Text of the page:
Bile acid improves intrauterine growth retardation metabolism in piglets
Intrauterine growth retardation (IUGR), defined as the impaired growth and development of a mammalian embryo/fetus or fetal organs during pregnancy, is a major concern in pig farming. IUGR animals exhibit impaired growth and development, lower meat quality, and higher morbidity and mortality after birth. Therefore, IUGR is a major problem for the pig industry due to the lack of comprehensive understanding of the growth regulation mechanism of IUGR piglets.
Kong Xiangfeng's research team from the Institute of Subtropical Agriculture of the Chinese Academy of Sciences has systematically investigated the growth and development, body metabolism, and intestinal microecological profiles of normal birth weight pigs and IUGR pigs at different growth stages.
Combining fecal microbial transplantation and germ-free mice, the researchers verified that IUGR alters the diversity and metabolic pathways of the intestinal microbiota, resulting in abnormal intestinal energy, amino acids, and bile acid metabolism, which hinders the later growth and development of IUGR pigs.
The application of dietary bile acid showed that bile acid supplementation can improve liver function, enhance the relative abundances of potentially beneficial bacteria in the intestine, and alleviate intestinal mucosal oxidative damage of IUGR piglets.
In addition, dietary bile acid supplementation can also improve the colonic barrier function and redox status of IUGR piglets, which is beneficial to intestinal health.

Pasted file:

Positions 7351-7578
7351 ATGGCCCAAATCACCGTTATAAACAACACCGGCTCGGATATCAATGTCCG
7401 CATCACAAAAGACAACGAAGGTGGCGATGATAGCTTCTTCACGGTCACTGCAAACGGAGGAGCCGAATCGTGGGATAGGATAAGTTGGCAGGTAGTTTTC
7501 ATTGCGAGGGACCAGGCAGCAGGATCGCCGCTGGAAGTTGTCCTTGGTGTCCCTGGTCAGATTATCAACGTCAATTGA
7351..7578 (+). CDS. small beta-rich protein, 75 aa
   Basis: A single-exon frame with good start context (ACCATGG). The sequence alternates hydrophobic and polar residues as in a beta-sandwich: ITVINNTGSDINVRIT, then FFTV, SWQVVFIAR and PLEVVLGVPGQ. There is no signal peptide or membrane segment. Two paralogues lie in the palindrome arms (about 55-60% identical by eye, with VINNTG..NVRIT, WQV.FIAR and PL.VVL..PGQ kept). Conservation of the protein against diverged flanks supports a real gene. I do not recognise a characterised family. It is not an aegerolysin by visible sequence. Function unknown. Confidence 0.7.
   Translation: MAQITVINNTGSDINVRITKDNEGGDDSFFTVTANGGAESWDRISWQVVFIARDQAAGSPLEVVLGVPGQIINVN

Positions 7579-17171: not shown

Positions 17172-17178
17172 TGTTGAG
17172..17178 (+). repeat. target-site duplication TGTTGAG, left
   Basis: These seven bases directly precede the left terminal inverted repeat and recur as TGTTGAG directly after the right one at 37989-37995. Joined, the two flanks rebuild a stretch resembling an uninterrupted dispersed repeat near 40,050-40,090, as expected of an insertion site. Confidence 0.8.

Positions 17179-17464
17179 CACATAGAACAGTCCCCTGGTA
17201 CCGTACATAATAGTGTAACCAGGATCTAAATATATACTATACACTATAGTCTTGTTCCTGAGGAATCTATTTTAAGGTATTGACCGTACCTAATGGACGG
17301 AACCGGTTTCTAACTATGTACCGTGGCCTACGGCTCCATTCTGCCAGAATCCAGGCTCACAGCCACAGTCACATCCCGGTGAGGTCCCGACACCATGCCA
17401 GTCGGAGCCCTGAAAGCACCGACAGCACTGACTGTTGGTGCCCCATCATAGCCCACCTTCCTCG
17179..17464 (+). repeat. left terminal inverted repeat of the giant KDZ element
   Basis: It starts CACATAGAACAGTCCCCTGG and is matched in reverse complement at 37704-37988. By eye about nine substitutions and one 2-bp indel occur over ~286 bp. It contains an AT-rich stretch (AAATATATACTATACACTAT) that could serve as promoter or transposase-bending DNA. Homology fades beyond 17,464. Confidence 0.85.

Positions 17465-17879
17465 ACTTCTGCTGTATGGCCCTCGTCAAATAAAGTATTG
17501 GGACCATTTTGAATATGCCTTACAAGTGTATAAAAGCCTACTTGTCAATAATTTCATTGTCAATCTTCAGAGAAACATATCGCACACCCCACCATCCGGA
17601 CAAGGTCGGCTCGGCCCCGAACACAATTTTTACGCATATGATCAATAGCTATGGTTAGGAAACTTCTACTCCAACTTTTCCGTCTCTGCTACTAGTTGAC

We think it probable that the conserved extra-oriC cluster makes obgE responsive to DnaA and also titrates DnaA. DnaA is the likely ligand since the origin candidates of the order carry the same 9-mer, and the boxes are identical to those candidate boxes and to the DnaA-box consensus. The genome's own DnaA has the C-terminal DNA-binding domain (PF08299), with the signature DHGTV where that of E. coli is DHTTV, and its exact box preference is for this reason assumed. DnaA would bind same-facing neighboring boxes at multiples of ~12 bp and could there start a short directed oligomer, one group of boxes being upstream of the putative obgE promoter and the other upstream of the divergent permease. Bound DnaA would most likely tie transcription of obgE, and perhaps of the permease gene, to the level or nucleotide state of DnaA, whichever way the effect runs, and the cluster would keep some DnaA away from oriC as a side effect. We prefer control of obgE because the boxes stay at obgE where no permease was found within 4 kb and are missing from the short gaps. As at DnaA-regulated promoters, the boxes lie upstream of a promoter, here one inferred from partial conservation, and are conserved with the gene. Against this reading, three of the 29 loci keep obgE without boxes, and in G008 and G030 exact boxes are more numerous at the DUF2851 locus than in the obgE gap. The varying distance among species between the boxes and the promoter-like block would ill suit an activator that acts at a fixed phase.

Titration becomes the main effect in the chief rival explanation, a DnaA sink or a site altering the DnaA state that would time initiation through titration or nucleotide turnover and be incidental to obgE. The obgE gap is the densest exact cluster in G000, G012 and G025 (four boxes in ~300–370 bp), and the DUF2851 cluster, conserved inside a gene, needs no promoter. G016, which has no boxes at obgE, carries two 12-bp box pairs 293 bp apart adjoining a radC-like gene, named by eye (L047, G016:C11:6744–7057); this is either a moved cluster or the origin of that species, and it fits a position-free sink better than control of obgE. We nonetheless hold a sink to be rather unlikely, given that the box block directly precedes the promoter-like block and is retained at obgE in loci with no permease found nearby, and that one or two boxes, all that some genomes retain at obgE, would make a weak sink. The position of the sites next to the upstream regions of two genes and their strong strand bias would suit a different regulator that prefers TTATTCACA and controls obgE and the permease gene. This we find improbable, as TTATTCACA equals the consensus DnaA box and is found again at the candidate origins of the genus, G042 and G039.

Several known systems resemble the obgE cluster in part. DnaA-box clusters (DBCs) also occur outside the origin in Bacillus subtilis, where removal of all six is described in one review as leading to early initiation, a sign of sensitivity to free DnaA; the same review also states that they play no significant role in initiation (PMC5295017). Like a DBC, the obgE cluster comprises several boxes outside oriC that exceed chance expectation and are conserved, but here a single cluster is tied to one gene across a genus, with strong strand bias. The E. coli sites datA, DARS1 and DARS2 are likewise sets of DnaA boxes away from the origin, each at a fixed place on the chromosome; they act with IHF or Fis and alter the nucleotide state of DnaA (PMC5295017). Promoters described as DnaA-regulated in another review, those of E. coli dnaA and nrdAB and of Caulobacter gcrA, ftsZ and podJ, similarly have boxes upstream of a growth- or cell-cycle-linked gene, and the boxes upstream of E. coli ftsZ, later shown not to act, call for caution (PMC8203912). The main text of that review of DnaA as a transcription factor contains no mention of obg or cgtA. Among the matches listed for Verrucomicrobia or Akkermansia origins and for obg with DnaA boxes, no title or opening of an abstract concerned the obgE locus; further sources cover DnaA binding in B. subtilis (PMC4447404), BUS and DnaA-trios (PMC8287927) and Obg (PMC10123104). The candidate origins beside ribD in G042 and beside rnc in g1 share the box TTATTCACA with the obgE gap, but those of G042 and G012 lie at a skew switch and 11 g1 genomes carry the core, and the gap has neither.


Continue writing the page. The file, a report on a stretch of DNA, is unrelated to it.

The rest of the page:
These findings suggest that the intestinal microbiota can be used as targets for regulating IUGR, and bile acids play an important role in improving IUGR metabolism and maintaining intestinal health in piglets.
The latest research is published in the Journal of Animal Science and Biotechnology, Frontiers in Microbiology, and Frontiers in Nutrition.
More information: W. Zhang et al, Gut microbiota of newborn piglets with intrauterine growth restriction have lower diversity and different taxonomic abundances, Journal of Applied Microbiology (2019). DOI: 10.1111/jam.14304
Liang Xiong et al, Intrauterine growth restriction alters growth performance, plasma hormones, and small intestinal microbial communities in growing-finishing pigs, Journal of Animal Science and Biotechnology (2020). DOI: 10.1186/s40104-020-00490-x
Yang Liu et al, Intrauterine growth retardation affects liver bile acid metabolism in growing pigs: effects associated with the changes of colonic bile acid derivatives, Journal of Animal Science and Biotechnology (2022). DOI: 10.1186/s40104-022-00772-6
Wu Tang et al, Metabolome, microbiome, and gene expression alterations in the colon of newborn piglets with intrauterine growth restriction, Frontiers in Microbiology (2022). DOI: 10.3389/fmicb.2022.989060
Yang Liu et al, Dietary bile acid supplementation alters plasma biochemical and hormone indicators, intestinal digestive capacity, and microbiota of piglets with normal birth weight and intrauterine growth retardation, Frontiers in Microbiology (2022). DOI: 10.3389/fmicb.2022.1053128
Yang Liu et al, Dietary bile acids supplementation modulates immune response, antioxidant capacity, glucose, and lipid metabolism in normal and intrauterine growth retardation piglets, Frontiers in Nutrition (2022). DOI: 10.3389/fnut.2022.991812
Journal information: Frontiers in Microbiology
Provided by Chinese Academy of Sciences